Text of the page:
On the Road Again: How Self-Driving Vehicles Will Help Older Adults Stay Connected with Friends, Family and Their Community

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Written by: Sheila Zinck

According to the recent IBV study, Loneliness and the aging population: How businesses and government can address a looming crisis, loss of mobility and limited transportation options can lead to significant physical and social isolation for older adults. And as the report points out, loneliness and isolation can have a devastating impact on physical and psychological health.

IBM, together with the Consumer Technology Association (CTA) Foundation and Local Motors, has been working to enhance Local Motors’ self-driving vehicle Olli to become personalized and adaptive to a rider’s abilities and preferences. The goal? To help the growing aging population and people with disabilities maintain their independence and self-sufficiency and keep them connected and engaged with their communities.

I recently interviewed Gina O’Connell, Director of Labs for Local Motors, about what we learned from the workshops and focus groups we held with older adults earlier this year. Below are excerpts from our conversation.

If you are going to create an accessible vehicle, include older adults in the design process.

Our goal for the #AccessibleOlli program is to design the world’s most accessible self-driving vehicle, delivering an inclusive experience for people of all abilities. We want to support the needs of people who may have one or more physical or cognitive challenges, including vision, hearing, mobility, or memory impairments. And as we grow older – and we’re all growing older – we will acquire a range of these disabilities. So, older adults represent an ideal community for us to explore accessibility requirements and test design ideas.

The freedom to go where I want, when I want.

Working with AARP and the Front Porch organization, we held focus groups and visited several communities to hear directly from the residents about their transportation issues. They wanted to be mobile and out in their neighborhoods, enjoying their community, shopping for themselves, running errands – all the things in life we take for granted based upon the ability to leave your home and go somewhere.

However, while some were still driving, the mobility of most was greatly diminished. Many found themselves increasingly homebound and isolated, dependent on relatives or transit systems that posed new challenges. While grateful to their caregivers and community centers, they wanted their independence and control back.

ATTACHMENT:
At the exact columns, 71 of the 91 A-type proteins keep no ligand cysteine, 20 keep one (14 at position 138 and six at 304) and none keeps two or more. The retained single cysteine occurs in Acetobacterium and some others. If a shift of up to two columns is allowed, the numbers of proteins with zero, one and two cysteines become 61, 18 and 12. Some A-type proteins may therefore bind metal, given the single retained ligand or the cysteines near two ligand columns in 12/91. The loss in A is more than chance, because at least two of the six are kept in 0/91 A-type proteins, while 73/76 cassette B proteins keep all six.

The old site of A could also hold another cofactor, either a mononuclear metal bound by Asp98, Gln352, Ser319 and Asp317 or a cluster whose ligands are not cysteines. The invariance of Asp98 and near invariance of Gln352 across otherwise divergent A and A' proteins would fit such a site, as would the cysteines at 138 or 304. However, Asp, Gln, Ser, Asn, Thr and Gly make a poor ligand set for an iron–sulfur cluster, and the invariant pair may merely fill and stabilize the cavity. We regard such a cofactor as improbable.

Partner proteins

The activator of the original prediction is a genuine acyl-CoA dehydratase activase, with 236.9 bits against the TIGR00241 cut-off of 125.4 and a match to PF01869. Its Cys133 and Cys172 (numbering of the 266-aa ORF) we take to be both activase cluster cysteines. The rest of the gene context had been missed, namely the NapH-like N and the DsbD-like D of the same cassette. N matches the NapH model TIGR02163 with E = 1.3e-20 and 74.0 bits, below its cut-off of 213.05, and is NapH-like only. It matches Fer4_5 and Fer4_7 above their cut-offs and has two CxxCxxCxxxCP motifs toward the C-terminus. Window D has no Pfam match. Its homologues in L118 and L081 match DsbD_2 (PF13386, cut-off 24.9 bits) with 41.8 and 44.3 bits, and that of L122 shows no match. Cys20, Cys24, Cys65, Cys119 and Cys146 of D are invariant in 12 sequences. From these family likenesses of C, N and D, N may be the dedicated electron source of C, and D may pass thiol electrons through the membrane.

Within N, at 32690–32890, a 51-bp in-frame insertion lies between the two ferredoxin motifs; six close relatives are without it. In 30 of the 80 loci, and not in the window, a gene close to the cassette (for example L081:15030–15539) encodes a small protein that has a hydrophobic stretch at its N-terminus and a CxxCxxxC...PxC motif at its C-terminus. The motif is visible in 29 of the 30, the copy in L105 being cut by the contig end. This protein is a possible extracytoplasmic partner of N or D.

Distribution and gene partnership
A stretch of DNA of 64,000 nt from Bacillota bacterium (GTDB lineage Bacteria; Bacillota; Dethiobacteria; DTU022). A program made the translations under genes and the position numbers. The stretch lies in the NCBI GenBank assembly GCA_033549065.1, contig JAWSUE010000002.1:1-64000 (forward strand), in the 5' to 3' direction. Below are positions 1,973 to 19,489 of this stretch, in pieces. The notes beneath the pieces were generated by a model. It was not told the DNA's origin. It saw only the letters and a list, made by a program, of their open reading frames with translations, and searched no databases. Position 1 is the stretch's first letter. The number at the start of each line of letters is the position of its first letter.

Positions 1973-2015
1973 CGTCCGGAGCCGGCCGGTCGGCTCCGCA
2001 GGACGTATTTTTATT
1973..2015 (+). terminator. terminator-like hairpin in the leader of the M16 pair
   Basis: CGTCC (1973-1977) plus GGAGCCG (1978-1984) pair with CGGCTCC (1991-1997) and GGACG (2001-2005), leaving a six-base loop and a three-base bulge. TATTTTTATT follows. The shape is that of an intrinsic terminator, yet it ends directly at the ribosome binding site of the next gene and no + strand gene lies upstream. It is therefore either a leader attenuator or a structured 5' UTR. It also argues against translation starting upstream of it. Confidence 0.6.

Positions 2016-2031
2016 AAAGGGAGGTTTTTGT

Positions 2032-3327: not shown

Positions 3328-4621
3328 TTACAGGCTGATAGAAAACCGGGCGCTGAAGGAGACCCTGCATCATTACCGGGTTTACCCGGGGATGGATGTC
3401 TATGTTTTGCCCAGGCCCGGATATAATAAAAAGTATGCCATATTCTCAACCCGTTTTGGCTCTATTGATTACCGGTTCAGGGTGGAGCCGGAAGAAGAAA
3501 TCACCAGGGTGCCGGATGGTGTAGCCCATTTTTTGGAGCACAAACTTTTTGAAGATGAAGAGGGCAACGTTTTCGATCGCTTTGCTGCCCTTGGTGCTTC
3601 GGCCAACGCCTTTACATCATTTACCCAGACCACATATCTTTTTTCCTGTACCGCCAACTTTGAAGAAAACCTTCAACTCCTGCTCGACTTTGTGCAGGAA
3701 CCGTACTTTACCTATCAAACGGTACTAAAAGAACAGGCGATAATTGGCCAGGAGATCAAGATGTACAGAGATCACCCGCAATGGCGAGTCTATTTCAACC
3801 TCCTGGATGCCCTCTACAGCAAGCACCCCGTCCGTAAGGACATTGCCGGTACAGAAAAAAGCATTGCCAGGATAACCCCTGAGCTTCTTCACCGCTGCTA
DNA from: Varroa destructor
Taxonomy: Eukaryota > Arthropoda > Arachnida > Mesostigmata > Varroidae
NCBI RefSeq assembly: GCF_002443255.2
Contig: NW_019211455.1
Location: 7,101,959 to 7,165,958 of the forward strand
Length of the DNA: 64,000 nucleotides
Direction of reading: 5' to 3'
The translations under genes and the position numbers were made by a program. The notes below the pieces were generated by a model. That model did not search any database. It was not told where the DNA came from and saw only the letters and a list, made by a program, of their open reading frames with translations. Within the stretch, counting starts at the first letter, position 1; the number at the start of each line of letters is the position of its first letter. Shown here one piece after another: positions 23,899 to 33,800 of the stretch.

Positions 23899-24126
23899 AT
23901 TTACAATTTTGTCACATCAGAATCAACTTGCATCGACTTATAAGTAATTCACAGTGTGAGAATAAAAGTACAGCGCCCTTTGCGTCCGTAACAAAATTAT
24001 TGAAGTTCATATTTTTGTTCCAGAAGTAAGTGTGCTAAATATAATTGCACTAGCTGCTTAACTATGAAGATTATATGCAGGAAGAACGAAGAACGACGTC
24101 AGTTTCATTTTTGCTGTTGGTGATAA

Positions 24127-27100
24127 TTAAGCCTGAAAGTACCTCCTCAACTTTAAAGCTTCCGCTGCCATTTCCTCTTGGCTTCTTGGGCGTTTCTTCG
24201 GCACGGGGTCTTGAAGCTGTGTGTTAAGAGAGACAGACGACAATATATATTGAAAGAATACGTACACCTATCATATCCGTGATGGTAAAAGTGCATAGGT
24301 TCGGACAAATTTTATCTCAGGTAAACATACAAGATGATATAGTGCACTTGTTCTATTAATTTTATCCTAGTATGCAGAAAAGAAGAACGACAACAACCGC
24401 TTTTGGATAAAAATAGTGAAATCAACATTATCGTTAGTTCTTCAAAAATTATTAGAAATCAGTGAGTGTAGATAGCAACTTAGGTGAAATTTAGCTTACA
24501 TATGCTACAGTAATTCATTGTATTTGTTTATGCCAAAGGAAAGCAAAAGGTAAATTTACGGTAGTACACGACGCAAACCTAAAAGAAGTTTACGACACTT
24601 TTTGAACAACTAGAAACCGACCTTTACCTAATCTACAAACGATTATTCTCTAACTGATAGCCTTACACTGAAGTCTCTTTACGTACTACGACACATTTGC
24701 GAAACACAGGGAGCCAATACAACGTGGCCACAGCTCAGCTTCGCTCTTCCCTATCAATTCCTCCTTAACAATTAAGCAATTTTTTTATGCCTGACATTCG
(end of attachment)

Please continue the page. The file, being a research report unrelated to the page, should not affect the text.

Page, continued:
We expected to hear “I’m afraid to get in this vehicle”…… instead, they asked “How soon can we get this?”

Across all of our meetings and workshops, we found very few people to be tech-averse – rather many were already quite comfortable using systems like Echo, and curious about self-driving vehicles and new technologies. Some did express concerns about their safety inside Olli – what if someone dangerous entered the vehicle or if they had a medical incident? And we were able to reassure them that with Watson machine vision and learning, Olli could quickly recognize the problem. Olli’s control systems then could notify the proper authorities and reroute the vehicle to the closest point for assistance, faster than a bus driver.

And they were quite eager to tell us how we could adapt and improve the Olli experience for them. Across the board, older adults want flexibility and choice in how they communicate with Olli – by voice, text, or touch, depending on their circumstances and location. They also want Olli to recognize them and their preferences, and automatically adjust the interaction for them across the experience, from calling for a ride, boarding the vehicle and getting to their destination.

Accessible and autonomous – for all of us.

What older adults are telling us translates to everyone.  We take so much of our mobility for granted but who hasn’t gone out into the sun, or had something blow in their eye and then couldn’t see for a while?  Or been someplace where there’s loud noise and you couldn’t hear well? Or had to navigate over uneven ground, or with your arms full of packages?

We all experience situational disabilities like these, so as we build new features into Olli to make it more accessible, we are in fact creating a better vehicle and experience for all of our riders.

To learn more about the #AccessibleOlli program, please watch the video and visit us at the #AccessibleOlli experience at CES 2018.